WCDs have belts attached to a vest and you wear them underneath your clothes. Your doctor can fit the device to your size and program it to a particular heart rhythm. These sensors can detect any time an arrhythmia occurs.
The person who wears the device can either turn off the alert to prevent a shock, but if you do not respond, the device automatically delivers a shock to correct your heart rhythm. Typically, this process occurs within a minute. The device can also deliver repeated shocks during a fibrillation episode.
What is an ICD and how does it work?
ICDs are surgically implanted into the patient’s chest or abdomen. Once situated, the device monitors arrhythmias. Arrhythmias can interrupt the blood flow from your heart and cause your heart to stop. ICDs can give both low or high-energy shocks to correct a fast or irregular heartbeat.
ICDs have generators connected to wires to detect your heart’s pulses and deliver shocks when needed. ICDs continuously monitor your heart’s electrical activity and your doctor can analyze the device’s readings to fine-tune your device, so it works better to correct irregular heartbeats.
Who needs defibrillators?
- AEDs. AEDs save the life of someone in cardiac arrest and you can use them for children and adults alike, though you will have to use special pads for children. During cardiopulmonary resuscitation or CPR, AEDs can improve their chances of survival.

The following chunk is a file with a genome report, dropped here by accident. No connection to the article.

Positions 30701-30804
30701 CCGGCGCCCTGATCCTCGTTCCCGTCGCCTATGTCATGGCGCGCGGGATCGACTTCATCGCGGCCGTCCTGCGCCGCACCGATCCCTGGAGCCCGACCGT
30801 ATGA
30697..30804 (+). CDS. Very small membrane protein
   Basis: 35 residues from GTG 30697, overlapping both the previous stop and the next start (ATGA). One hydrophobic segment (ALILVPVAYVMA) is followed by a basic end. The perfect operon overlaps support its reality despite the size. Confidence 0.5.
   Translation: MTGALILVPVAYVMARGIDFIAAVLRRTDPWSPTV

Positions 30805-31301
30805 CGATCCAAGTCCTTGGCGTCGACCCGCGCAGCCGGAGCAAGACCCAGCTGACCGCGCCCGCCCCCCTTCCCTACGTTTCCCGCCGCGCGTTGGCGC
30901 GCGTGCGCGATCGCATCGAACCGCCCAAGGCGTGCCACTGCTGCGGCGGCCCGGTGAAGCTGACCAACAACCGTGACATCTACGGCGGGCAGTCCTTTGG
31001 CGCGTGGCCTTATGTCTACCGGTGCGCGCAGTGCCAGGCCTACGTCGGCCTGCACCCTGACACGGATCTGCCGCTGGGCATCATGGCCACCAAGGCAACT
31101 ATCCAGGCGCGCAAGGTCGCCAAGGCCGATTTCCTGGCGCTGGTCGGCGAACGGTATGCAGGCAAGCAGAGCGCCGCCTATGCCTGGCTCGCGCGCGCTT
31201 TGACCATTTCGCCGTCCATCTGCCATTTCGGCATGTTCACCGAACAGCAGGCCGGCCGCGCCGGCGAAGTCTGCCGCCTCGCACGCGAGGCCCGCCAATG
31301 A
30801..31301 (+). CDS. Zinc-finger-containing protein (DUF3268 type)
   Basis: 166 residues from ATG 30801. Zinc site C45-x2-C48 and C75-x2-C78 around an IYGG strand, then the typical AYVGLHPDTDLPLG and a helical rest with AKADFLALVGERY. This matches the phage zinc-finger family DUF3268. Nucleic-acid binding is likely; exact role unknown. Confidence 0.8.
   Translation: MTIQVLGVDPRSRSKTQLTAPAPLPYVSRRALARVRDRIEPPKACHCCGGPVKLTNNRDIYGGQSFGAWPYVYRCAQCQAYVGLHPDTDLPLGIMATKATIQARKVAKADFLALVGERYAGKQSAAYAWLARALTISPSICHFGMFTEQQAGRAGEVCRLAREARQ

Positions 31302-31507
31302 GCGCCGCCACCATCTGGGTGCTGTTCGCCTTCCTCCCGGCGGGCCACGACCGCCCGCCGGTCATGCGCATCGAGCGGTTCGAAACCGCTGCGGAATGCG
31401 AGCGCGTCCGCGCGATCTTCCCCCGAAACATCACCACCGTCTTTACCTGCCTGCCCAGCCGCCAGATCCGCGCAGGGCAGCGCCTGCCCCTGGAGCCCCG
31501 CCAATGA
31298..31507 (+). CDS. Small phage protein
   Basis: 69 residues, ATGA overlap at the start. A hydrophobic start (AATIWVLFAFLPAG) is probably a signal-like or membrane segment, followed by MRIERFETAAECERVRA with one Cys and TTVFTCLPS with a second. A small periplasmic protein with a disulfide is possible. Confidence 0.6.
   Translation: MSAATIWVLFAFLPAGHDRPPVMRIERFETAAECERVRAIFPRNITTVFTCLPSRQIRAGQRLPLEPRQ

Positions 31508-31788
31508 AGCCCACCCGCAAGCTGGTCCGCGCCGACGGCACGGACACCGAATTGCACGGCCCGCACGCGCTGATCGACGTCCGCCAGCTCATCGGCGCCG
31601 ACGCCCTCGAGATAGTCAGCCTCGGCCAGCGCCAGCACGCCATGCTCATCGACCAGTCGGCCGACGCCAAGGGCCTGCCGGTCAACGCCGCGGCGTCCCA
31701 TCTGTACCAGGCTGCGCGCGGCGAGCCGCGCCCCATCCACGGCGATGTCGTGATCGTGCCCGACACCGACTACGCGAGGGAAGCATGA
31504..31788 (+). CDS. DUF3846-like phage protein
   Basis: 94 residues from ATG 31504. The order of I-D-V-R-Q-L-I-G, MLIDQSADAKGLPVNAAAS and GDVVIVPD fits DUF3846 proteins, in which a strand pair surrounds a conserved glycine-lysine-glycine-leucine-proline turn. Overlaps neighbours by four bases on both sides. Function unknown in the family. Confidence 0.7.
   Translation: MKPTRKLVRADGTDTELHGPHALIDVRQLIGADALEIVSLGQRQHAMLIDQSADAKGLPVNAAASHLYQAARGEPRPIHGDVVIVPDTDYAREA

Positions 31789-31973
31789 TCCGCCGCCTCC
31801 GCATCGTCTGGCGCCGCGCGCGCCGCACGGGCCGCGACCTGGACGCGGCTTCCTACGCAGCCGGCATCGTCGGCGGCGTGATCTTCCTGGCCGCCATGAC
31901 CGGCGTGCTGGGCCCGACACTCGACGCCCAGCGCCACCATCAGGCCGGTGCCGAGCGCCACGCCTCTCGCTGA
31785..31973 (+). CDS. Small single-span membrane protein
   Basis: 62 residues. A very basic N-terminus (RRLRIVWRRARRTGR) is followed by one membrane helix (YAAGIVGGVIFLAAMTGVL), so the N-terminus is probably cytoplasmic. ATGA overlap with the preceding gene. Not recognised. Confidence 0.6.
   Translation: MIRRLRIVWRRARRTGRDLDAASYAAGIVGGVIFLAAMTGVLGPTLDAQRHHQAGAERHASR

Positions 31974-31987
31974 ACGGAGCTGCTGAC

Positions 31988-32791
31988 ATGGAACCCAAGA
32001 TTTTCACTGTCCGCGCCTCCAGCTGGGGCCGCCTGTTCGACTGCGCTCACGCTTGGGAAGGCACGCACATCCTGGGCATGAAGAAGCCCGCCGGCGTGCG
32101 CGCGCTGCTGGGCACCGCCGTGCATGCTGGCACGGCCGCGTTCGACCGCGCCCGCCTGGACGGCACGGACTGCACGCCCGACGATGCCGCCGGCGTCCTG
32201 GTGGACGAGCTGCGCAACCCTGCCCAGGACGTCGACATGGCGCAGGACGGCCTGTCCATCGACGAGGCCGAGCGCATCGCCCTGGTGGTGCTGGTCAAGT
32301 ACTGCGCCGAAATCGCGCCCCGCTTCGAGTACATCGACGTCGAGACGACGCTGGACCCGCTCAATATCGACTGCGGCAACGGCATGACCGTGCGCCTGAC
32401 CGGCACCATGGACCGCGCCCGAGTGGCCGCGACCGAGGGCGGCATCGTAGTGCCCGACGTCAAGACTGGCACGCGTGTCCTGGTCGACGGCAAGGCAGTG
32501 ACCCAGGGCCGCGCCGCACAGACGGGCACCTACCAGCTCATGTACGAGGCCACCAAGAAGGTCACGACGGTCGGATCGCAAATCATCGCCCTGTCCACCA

- WCDs. WCDs protect against cardiac arrest in certain circumstances. If you are at risk of arrhythmias for a shorter period, such as recovering from a heart attack, awaiting a heart transplant, or fighting an infection, WCDs are ideal.
- ICDs. ICDs correct more severe cases of arrhythmias. These types of arrhythmias can be fatal and can develop at any age, from newborns to adults. ICDs are used for anyone with an arrhythmia that causes your heart ventricles to quiver or spasm.
Cases that call for ICDs
- You survived cardiac arrest.
- You developed an arrhythmia during or after treatment for a heart attack.
- You have genetic conditions.
- You have a neuromuscular disorder.
- You have an abnormally slow heart rate.
- You have cardiac sarcoidosis.
- You have poor heart functioning.
- Your doctor detected an arrhythmia via an EKG scan.
Takeaway: What is a defibrillator and how do they work?
Defibrillators deliver electrical signals to the body to prevent the heart from stopping. When the heart is near cardiac arrest or in ventricular defibrillation, these devices can help restore it to its normal rhythm.
There are three different types of defibrillators. However, bystanders only need to be familiar with one, the AED. Bystanders who get their online CPR certification will learn how to use an automated external defibrillator in their course. The other two defibrillators, the ICD and the WCD are used exclusively in professional medical settings, so bystanders will not need to use them.
Ellen Diamond did her degree in psychology at the University of Edinburgh. She is interested in mental health and well-being.